Enumerable.Empty<PackageReference>(),
            Enumerable.Empty<PackageIdentity>(),
            allPackages,
            sourceRepositoryProvider.GetRepositories().Select(s => s.PackageSource),
            logger);

    var resolver = new PackageResolver();

    // Work out the actual set of packages to install.
    var packagesToInstall = resolver.Resolve(resolverContext, CancellationToken.None)
                                    .Select(p => allPackages.Single(x => PackageIdentityComparer.Default.Equals(x, p)));
    return packagesToInstall;
}

Once we have that list, we can pass it to another new method that actually downloads and extracts the packages for us, InstallPackages.

private async Task InstallPackages(SourceCacheContext sourceCacheContext, ILogger logger, 
                                    IEnumerable<SourcePackageDependencyInfo> packagesToInstall, string rootPackagesDirectory, 
                                    ISettings nugetSettings, CancellationToken cancellationToken)
{
    var packagePathResolver = new PackagePathResolver(rootPackagesDirectory, true);
    var packageExtractionContext = new PackageExtractionContext(
        PackageSaveMode.Defaultv3,
        XmlDocFileSaveMode.Skip,
        ClientPolicyContext.GetClientPolicy(nugetSettings, logger),
        logger);

    foreach (var package in packagesToInstall)
    {
        var downloadResource = await package.Source.GetResourceAsync<DownloadResource>(cancellationToken);

        // Download the package (might come from the shared package cache).
        var downloadResult = await downloadResource.GetDownloadResourceResultAsync(
            package,
            new PackageDownloadContext(sourceCacheContext),
            SettingsUtility.GetGlobalPackagesFolder(nugetSettings),
            logger,
            cancellationToken);

        // Extract the package into the target directory.
        await PackageExtractor.ExtractPackageAsync(
            downloadResult.PackageSource,
            downloadResult.PackageStream,
            packagePathResolver,
            packageExtractionContext,
            cancellationToken);
    }
}

Let’s go ahead and plug those extra methods into our main calling method:

public async Task LoadExtensions()
{
    // Define a source provider, with nuget, plus my own feed.
    var sourceProvider = new PackageSourceProvider(NullSettings.Instance, new[]
    {
        new PackageSource("https://api.nuget.org/v3/index.json"),
        new PackageSource("https://f.feedz.io/autostep/ci/nuget/index.json")
    });

    // Establish the source repository provider; the available providers come from our custom settings.
    var sourceRepositoryProvider = new SourceRepositoryProvider(sourceProvider, Repository.Provider.GetCoreV3());

    // Get the list of repositories.
    var repositories = sourceRepositoryProvider.GetRepositories();

    // Disposable source cache.
    using var sourceCacheContext = new SourceCacheContext();

    // You should use an actual logger here, this is a NuGet ILogger instance.
    var logger = new NullLogger();

    // My extension configuration:
    var extensions = new[]
    {
        new ExtensionConfiguration
        {
            Package = "AutoStep.Web",
            PreRelease = true // Allow pre-release versions.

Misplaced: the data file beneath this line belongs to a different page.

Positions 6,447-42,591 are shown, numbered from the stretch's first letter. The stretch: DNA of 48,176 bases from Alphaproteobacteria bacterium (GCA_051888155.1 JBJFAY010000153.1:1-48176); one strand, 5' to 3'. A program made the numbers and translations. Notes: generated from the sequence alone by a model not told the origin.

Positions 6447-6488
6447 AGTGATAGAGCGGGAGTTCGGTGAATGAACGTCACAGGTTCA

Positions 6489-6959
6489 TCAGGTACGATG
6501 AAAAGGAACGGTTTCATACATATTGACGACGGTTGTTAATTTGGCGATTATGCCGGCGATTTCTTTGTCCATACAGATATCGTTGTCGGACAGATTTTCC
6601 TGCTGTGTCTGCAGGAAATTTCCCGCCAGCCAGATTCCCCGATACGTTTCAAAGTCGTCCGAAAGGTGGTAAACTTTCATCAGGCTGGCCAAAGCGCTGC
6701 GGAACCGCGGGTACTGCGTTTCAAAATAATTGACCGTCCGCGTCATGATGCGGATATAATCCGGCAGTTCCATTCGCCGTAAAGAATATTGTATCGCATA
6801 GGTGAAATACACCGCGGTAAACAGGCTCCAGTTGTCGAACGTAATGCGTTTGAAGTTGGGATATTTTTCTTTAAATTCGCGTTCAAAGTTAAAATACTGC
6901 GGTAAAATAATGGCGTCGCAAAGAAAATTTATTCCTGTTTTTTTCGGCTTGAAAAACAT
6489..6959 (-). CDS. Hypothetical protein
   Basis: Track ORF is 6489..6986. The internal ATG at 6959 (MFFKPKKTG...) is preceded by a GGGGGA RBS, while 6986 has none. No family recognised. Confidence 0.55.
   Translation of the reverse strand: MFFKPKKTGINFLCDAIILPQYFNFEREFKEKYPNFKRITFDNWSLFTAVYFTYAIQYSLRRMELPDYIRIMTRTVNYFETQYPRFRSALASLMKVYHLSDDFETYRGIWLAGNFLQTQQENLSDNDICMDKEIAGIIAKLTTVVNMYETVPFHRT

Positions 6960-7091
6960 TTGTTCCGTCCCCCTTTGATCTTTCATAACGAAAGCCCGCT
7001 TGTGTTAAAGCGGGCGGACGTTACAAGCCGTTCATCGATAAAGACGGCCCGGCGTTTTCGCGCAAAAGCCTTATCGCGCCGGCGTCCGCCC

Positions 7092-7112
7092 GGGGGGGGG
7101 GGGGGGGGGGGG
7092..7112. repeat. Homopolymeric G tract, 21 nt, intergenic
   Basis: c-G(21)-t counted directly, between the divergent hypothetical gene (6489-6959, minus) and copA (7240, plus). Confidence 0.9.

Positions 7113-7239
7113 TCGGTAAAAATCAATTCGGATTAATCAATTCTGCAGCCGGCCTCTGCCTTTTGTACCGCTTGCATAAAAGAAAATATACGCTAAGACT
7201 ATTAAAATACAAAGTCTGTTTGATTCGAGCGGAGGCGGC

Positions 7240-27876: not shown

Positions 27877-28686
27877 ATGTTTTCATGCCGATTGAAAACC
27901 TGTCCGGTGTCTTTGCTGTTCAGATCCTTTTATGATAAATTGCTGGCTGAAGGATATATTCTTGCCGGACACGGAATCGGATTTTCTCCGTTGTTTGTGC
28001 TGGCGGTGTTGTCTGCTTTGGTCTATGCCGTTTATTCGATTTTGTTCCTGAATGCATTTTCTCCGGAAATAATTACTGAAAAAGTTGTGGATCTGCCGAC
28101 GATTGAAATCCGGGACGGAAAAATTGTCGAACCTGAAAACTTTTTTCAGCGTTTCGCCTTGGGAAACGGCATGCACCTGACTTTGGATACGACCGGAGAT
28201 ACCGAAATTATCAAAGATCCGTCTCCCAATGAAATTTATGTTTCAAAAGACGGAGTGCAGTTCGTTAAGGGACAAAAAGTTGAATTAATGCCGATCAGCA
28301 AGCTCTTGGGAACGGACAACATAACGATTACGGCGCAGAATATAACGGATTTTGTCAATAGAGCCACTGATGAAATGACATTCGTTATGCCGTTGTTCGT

}
    };

    // Replace this with a proper cancellation token.
    var cancellationToken = CancellationToken.None;

    // The framework we're using.
    var targetFramework = NuGetFramework.ParseFolder("netcoreapp3.1");
    var allPackages = new HashSet<SourcePackageDependencyInfo>();

    var dependencyContext = DependencyContext.Default;

    foreach (var ext in extensions)
    {
        var packageIdentity = await GetPackageIdentity(ext, sourceCacheContext, logger, repositories, cancellationToken);

        if (packageIdentity is null)
        {
            throw new InvalidOperationException($"Cannot find package {ext.Package}.");
        }

        await GetPackageDependencies(packageIdentity, sourceCacheContext, targetFramework, logger, repositories, dependencyContext, allPackages, cancellationToken);
    }

    var packagesToInstall = GetPackagesToInstall(sourceRepositoryProvider, logger, extensions, allPackages);

    // Where do we want to install our packages?
    // For now we'll pop them in the .extensions folder.
    var packageDirectory = Path.Combine(Environment.CurrentDirectory, ".extensions");
    var nugetSettings = Settings.LoadDefaultSettings(packageDirectory);

    await InstallPackages(sourceCacheContext, logger, packagesToInstall, packageDirectory, nugetSettings, cancellationToken);
}

With all these changes, here’s what the ./extensions folder looks like when we run this:

> ls ./extensions
AutoStep.Web.1.0.0-develop.20
Newtonsoft.Json.10.0.3
Selenium.Chrome.WebDriver.79.0.0
Selenium.WebDriver.3.141.0

All the packages we need are now on disk!


Wrapping Up

At the end of this post, we now have a mechanism for loading packages and a filtered set of dependencies from NuGet.

In the next post, we will load those packages into a custom AssemblyLoadContext and use them in our application.

You can find the complete set of code from this post in this gist.

The ‘production’ code this fed into is in the GitHub repository for AutoStep.Extensions, which provides the NuGet package used to load extensions into our VS Code Language Server and our commmand-line runner.